I see that you don't get the point of what I explained before.

    I'll try again:

    VB6 works in Twips. Read an *.frm file and you'll see that VB6 stores the dimensions and sizes in Twips, not Pixels.

    Twips, unlike Pixels is an unit of measurement that is DPI agnostics.
    Twips are converted to pixels only at the end, when it already know in what DPI setting is is running.
    That is what makes VB6 to adapt automatically to different DPI settings.

    I hope that this time you think about it and get the point of what I explained.
    Last edited by Eduardo-; Jun 6th, 2019 at 10:08 AM.

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    Re: Display dpi scaling problem

    Working in Twips would resolve many of the High DPI issues except when Twips/Pixel is not a whole number, such as 200% DPI (7.5 Twips/Pixel). LaVolpe's writeup covered that as well as some issues specific to UserControl metrics.

    There is a similar problem with text sizes in Points and font scaling in general.

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    Re: Display dpi scaling problem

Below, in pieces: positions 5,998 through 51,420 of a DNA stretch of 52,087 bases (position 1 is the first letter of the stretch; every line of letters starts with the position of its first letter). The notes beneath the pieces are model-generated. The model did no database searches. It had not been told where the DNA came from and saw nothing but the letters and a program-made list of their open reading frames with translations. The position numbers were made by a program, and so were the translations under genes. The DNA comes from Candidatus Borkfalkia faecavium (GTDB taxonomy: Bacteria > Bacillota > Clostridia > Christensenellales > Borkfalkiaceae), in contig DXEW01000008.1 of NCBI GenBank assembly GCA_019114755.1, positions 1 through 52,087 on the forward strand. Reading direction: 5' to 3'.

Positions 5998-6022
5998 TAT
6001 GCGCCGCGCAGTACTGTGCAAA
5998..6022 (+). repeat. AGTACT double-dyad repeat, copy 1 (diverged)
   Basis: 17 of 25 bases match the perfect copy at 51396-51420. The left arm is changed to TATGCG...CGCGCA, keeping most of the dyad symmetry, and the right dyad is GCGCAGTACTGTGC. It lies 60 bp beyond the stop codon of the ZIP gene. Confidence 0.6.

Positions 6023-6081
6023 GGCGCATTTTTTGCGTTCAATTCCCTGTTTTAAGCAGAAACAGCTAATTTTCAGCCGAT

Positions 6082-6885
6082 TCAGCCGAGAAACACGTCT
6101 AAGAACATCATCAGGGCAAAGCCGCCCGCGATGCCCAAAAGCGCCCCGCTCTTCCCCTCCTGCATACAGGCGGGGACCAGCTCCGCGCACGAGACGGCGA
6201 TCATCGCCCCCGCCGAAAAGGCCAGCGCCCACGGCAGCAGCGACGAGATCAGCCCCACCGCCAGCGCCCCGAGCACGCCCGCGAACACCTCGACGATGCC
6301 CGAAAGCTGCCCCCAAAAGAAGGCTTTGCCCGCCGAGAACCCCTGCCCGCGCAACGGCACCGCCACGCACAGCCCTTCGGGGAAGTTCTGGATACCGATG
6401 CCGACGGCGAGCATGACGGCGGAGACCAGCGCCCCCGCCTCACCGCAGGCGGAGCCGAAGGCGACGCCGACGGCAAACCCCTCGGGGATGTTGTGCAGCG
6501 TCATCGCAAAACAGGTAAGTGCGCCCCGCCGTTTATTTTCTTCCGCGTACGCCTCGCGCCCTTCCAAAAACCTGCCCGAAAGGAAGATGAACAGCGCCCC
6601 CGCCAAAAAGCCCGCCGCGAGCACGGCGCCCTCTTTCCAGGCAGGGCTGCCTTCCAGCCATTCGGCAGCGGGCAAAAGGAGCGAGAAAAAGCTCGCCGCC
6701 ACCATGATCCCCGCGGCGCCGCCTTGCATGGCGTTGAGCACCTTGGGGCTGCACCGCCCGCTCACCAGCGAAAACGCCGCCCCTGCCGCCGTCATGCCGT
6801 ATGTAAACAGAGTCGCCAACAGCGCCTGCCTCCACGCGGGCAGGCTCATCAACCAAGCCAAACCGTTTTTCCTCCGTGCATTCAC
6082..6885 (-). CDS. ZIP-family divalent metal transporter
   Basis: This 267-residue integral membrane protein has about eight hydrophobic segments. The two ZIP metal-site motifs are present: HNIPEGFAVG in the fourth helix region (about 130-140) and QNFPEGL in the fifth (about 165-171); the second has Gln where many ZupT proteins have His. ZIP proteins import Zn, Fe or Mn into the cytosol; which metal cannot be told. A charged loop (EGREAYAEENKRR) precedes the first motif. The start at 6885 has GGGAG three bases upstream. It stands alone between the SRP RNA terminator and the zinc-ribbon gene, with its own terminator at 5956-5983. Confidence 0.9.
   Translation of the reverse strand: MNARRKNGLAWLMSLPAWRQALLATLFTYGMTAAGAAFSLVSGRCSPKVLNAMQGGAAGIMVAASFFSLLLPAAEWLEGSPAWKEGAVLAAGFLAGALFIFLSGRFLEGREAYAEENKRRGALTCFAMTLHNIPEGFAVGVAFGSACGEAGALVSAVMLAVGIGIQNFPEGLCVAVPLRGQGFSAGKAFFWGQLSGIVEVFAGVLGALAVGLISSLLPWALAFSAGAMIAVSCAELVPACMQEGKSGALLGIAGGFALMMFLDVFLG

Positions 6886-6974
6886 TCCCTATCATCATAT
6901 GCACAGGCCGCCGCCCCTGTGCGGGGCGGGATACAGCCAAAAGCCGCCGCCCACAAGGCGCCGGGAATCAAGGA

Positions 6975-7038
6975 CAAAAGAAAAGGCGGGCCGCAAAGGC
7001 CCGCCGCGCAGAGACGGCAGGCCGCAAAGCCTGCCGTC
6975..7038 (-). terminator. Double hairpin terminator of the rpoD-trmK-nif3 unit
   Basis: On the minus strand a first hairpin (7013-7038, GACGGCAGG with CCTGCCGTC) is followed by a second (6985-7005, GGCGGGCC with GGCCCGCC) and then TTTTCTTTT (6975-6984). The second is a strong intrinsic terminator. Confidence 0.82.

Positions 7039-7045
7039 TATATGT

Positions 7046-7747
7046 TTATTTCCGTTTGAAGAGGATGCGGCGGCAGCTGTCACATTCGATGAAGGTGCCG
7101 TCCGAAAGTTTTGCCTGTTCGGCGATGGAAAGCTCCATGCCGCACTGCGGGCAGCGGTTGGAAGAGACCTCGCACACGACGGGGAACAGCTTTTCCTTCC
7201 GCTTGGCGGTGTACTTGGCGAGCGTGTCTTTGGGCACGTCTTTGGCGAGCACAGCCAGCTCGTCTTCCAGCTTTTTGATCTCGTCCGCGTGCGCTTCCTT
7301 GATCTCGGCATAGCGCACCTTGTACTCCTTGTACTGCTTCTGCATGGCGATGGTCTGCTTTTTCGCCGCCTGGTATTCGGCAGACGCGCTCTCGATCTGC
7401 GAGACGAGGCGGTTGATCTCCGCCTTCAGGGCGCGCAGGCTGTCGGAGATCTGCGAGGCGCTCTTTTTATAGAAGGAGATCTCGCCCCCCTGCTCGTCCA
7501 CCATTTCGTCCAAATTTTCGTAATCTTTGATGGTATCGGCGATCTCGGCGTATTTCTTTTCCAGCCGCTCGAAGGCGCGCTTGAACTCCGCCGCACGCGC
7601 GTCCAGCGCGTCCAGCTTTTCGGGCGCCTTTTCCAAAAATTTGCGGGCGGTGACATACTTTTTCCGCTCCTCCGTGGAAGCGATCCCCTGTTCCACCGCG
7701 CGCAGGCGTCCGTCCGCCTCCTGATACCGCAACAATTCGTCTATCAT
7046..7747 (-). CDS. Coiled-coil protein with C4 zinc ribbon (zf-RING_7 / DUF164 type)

Quote Originally Posted by dilettante View Post
    Working in Twips would resolve many of the High DPI issues except when Twips/Pixel is not a whole number, such as 200% DPI (7.5 Twips/Pixel). LaVolpe's writeup covered that as well as some issues specific to UserControl metrics.

    There is a similar problem with text sizes in Points and font scaling in general.
    I suggest to forget about the TwipsPerPixel issue. That renders the current version of VB6 almost unusable.
    Yes, you can find workarounds, but that renders your code like not being a normal language any more. Better use C or Assembler if you will have to go to that level of programming for a simple hello world program (or any other program that has a GUI).

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    Re: Display dpi scaling problem

    You dilettante that are the master of the manifest files, is there a way to make a manifest that declares that the program is DPI aware for some DPI settings but not for other settings?